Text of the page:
AMD Zen ‘Summit Ridge’ CPUs and Intel ‘Kaby Lake’ CPUs Spotted in AIDA64 Changelog
The popular hardware testing utility, AIDA64, has added and improved support for Zen ‘Summit Ridge’ and Intel ‘Kaby Lake’ processors. While developers usually have free control of when to introduce these updates, they are usually backed by real documentation such as Machine IDs. It looks like AMD’s anxiously anticipated Zen processor is on track. It also means that the A0 engineering samples of said processors will be rolling out to select testers in the coming months.
Intel Kaby Lake and AMD Zen ‘Summit Ridge’ processors show up in AIDA64 changelog
The change-log for the latest version of AIDA64 (AIDA64 Extreme Edition v5.70.3800) was recently updated and contains more than one interesting entry. Developers of hardware testing tools are among the first to receive early documentation and A0 engineering samples of upcoming processors and are a good point of information for the progress of a particular product. In this case, it looks like things are going well on track (according to the information provided to these developers anyways) for AMD’s upcoming Summit Ridge platform and Intel’s Kaby Lake.
The Summit Ridge platform is the mainstream desktop platform of Zen processors having 8 cores a pop. Note that we are talking about full fledged SMT cores here and not the older styled CMT-based cores favored in the older FX processors. The socket stated on the slides was FM3 (which is now known as AM4). The new processors are supposed to increase IPC gains by 40% over the last generation and should, hopefully, see the compute side of AMD become competitive again. Not to mention that pretty much everything (financially speaking), for AMD, depends on Zen’s performance.
We had previously heard that AMD will be making a plethora of changes including changing to SMT and adopting a single FPU per core design – both things which will put it on track to be a competitive force with Intel processors. That’s not it either, Zen will be using a scheduling model that is similar to Intel’s and it will use specific hardware and simulation to define any needed scheduling or NUMA changes. It will also be ISA compatible with Haswell/Broadwell style of compute. It will bring various compiler optimizations, including GCC with target of SPECint v6 based score at common compiler settings. Bench-marking and performance compiler LLVM targets SPECint v6 rate score at performance compiler settings. Each Zen core will have access to 512KB of L2 cache and 4 Zen cores will share 8MB of L3 cache.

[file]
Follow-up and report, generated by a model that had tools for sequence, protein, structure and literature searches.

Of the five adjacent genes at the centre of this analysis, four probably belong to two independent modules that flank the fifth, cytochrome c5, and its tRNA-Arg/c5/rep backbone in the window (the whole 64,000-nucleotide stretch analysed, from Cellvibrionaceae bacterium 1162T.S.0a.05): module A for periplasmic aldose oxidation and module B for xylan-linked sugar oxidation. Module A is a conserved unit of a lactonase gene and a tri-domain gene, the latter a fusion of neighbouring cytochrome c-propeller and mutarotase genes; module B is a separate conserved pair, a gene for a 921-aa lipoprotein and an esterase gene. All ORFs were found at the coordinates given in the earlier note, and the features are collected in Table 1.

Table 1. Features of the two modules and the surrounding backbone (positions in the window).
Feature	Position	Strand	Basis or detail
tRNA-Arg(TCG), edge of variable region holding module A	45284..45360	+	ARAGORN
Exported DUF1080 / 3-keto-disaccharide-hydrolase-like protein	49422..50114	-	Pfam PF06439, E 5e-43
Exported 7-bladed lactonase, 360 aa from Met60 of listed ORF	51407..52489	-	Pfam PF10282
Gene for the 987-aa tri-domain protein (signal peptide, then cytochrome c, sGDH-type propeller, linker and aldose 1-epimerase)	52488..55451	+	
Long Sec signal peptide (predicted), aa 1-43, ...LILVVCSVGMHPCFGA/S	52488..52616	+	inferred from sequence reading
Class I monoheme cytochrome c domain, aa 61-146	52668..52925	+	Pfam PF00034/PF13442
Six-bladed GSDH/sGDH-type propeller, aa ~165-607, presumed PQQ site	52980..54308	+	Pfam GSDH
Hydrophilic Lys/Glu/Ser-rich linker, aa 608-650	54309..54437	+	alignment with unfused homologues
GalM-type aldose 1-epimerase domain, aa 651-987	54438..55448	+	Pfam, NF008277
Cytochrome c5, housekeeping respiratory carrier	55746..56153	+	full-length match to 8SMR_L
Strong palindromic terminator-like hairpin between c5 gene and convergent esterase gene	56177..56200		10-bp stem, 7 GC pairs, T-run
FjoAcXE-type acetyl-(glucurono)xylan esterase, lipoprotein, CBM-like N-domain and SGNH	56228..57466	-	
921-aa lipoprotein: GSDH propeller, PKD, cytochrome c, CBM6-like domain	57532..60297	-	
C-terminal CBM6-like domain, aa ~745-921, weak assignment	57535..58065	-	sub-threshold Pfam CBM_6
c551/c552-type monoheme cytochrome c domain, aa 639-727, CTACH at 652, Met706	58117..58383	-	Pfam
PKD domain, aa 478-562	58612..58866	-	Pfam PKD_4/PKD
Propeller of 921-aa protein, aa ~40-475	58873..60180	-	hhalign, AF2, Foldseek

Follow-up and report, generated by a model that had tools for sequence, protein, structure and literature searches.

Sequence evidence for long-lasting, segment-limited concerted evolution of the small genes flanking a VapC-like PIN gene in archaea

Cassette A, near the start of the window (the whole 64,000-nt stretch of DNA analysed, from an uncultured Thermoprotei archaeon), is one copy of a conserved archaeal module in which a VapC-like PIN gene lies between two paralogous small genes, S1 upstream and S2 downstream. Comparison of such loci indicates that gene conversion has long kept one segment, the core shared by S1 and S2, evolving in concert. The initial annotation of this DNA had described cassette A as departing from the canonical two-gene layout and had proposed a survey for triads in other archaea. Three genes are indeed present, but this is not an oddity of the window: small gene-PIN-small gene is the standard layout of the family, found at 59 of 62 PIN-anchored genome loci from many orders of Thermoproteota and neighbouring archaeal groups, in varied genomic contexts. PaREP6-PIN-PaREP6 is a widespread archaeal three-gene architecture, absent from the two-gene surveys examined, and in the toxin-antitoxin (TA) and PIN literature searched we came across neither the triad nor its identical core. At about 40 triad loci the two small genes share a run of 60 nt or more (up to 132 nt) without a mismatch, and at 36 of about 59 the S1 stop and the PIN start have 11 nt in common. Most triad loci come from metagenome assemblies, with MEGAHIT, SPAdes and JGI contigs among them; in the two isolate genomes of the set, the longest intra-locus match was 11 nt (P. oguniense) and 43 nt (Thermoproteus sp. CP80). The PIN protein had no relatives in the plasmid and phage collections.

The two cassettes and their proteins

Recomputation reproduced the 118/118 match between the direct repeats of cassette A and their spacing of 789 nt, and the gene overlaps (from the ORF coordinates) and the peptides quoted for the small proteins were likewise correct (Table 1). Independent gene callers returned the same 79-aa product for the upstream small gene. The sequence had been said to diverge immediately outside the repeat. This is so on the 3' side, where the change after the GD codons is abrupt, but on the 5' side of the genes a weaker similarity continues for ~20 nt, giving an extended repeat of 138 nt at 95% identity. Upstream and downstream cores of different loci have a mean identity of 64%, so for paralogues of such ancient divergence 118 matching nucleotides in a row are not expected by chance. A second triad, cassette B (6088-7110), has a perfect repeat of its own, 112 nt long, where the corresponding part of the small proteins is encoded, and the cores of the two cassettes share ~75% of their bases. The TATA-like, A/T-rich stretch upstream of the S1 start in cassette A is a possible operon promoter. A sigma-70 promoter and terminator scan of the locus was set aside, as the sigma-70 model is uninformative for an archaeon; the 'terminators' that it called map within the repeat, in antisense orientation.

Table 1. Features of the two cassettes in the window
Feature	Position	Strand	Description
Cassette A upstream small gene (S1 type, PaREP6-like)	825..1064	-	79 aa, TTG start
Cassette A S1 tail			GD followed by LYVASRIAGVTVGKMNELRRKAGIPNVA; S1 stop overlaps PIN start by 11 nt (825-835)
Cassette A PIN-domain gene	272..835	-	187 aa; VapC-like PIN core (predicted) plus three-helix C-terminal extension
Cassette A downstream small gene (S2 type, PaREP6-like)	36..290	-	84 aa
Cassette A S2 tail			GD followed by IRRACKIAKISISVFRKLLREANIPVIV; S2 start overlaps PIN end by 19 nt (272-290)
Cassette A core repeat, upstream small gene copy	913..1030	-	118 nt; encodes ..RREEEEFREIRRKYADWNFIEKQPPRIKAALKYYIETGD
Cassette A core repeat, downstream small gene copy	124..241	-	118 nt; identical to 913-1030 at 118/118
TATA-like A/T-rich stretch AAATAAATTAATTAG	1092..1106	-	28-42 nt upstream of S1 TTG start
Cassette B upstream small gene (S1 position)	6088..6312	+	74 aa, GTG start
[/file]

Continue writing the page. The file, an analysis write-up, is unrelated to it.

As far as Intel’s Kaby Lake is concerned – that particular platform is fairly straightforward. Intel has finally let go of the tick-tock cadence that it had been using for so long. The new cadence, dubbed “Process, Architecture, Optimization” (sounds much less catchy) relies on at least one more iteration at the same die shrink for ironing out the kinks in the micro-architecture completely.
In this case, Broadwell is the “Process”, Skylake is “Architecture” and Kaby Lake will be “Optimization”; Intel’s 14nm process finally perfected. Intel plans to make several IPC and architectural improvements in Kaby Lake including a much more powerful iGPU configuration. They are also expected to go face to face against AMD’s 8 Core zen processors so it is expected that Intel will be able to bring IPC gains of 10% (over Skylake) while staying within the 95W TDP limit and LGA 1151 on the Z270 chipset.
|WCCFTech||AMD Summit Ridge||Intel Kaby Lake|
|Product Naming||AMD Zen SR Series||Intel Core 7000 Series|
|Product Segment||Mainstream Desktop PCs||Mainstream Desktop PCs|
|Product Architecture||x86 Zen (+40% IPC compared to Excavator)||7th Gen Kaby Lake (Same IPC as Skylake)|
|Max CPU Cores/Threads||8/16||4/8|
|GPU Architecture||N/A||Intel HD 600 Series|
|TDP||Up to 95W||Up to 95W|
|Launch||Q1 2017||Q1 2017|